The Revelation: Chapter 22:16-21 (Come, Lord Jesus!)


(Rev. 22:16 ESV) 16 “I, Jesus, have sent my angel to testify to you about these things for the churches. I am the root and the descendant of David, the bright morning star.”

The message is urgent. Wright picks up well on the spirit of the passage —

The song mingles with the bells, the voice of Jesus clearly audible through the echoing repetitions, the urgings, the warnings. Warnings there are indeed: it’s too late to change now; wash your clothes in the lamb’s blood, so that you can eat from the tree of life, because those who don’t, those who love inventing lies of every kind, will be outside (verse 15).

John isn’t worried about ‘consistency’ here; that’s not how bells and choirs work. Yes, those people were in the lake of fire before, and now they’re outside the city. It’s the same picture with another twist of the kaleidoscope, as usual. Stop worrying about that; listen to the music. The words of this book. Coming soon. This prophecy. Yes, I am coming soon.

Tom Wright, Revelation for Everyone, For Everyone Bible Study Guides, (London; Louisville, KY: SPCK; Westminster John Knox, 2011), 205.

The reference to Jesus as the Morning Star is not easy —

The morning star is Venus, herald of the dawn (cf. Rev 2:28), which in this case probably alludes to Numbers 24:17, the star descended from Jacob (Israel) and destined to reign and crush the enemies of God’s people. (The Dead Sea Scrolls also applied Num 24:17 to a conquering messiah.)

Craig S. Keener, The IVP Bible Background Commentary: New Testament (Accordance electronic ed. Downers Grove: InterVarsity Press, 1993), 820-821.

(Rev. 22:17 ESV)  17 The Spirit and the Bride say, “Come.” And let the one who hears say, “Come.” And let the one who is thirsty come; let the one who desires take the water of life without price. 

Why does the Spirit show up here? Up to this point, the focus has been almost entirely on God the Father and Jesus the Son. The Spirit, of course, is the author of all prophecy, and so the author of the Apocalypse.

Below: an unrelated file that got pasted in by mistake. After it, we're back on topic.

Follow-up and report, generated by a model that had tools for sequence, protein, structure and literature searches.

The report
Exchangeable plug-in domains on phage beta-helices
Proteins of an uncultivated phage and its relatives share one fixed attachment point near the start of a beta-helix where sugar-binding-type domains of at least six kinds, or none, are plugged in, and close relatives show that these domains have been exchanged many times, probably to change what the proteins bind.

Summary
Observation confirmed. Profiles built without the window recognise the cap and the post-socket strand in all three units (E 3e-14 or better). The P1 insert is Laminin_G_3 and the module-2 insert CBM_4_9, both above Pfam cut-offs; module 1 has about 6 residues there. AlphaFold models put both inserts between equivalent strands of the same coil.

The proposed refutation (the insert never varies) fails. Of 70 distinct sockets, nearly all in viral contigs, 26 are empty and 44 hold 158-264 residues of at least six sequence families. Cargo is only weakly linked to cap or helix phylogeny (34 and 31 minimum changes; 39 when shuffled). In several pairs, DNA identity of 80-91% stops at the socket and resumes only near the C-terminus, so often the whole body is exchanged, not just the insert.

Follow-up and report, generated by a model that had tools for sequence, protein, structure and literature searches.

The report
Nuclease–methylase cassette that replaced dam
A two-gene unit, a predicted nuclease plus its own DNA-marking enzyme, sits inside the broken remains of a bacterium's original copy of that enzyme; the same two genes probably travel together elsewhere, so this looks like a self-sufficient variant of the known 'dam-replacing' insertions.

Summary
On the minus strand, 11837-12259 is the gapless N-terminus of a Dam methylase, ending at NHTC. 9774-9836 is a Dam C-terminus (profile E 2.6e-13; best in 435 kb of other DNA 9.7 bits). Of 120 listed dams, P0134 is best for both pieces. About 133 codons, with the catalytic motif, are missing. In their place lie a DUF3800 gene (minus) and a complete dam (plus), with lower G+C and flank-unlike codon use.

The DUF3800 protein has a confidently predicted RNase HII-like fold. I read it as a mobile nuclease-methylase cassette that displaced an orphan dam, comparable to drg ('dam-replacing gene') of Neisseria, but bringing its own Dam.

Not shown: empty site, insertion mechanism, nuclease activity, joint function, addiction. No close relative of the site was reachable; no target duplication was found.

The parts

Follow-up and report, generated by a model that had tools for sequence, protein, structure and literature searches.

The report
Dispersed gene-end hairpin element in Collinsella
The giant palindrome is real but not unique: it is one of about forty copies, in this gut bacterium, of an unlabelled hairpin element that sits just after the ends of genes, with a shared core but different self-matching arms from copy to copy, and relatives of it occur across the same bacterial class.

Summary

The Spirit reveals himself directly — no longer content to work through a vision or a pen. The Spirit himself urges the unbeliever or the wavering believer to approach the throne of grace and receive the water of the river of the life from the throne of God himself.

The Bride is, of course, the New Jerusalem, and the future home of those who come to Jesus and drink of the river of life.

(Rev. 22:18-19 ESV)  18 I warn everyone who hears the words of the prophecy of this book: if anyone adds to them, God will add to him the plagues described in this book,  19 and if anyone takes away from the words of the book of this prophecy, God will take away his share in the tree of life and in the holy city, which are described in this book.

Now, the passage is speaking particularly of the Revelation, not the NT or Bible.

It was, however, customary for ancient writers to protect their works against mutilation and interpolation by adding such an anathema. John’s concern was to prevent his message from being perverted through addition or removal. The same concern is seen in Dt. 4:2.

George R. Beasley-Murray, Revelation (New Bible Commentary: 21st Century Edition; ed. D. A Carson et al.; Accordance electronic ed. Downers Grove: InterVarsity Press, 1994), 1454.

While I would agree that we should not add nor take away from any of the Bible, this does not justify our citing this passage for something it does not say, just because it happens to be near the end of the NT.

(Rev. 22:20-21 ESV)  20 He who testifies to these things says, “Surely I am coming soon.” Amen. Come, Lord Jesus!  21 The grace of the Lord Jesus be with all. Amen. 

Maranatha! The ancient church often prayed for the return of Jesus, and the sooner Jesus returns, the less time there will be for the dreadful persecutions and sufferings the visions of the Revelation describe. The prayer remains a good one.

Finally, as previously commented, despite the many overt threats of damnation for those who disobey, the author hasn’t forgotten that all are saved by God’s grace, and it’s only by grace that the church will be able to remain faithful in these dreadful times.

About Jay F Guin

My name is Jay Guin, and I’m a retired elder. I wrote The Holy Spirit and Revolutionary Grace about 18 years ago. I’ve spoken at the Pepperdine, Lipscomb, ACU, Harding, and Tulsa lectureships and at ElderLink. My wife’s name is Denise, and I have four sons, Chris, Jonathan, Tyler, and Philip. I have two grandchildren. And I practice law.
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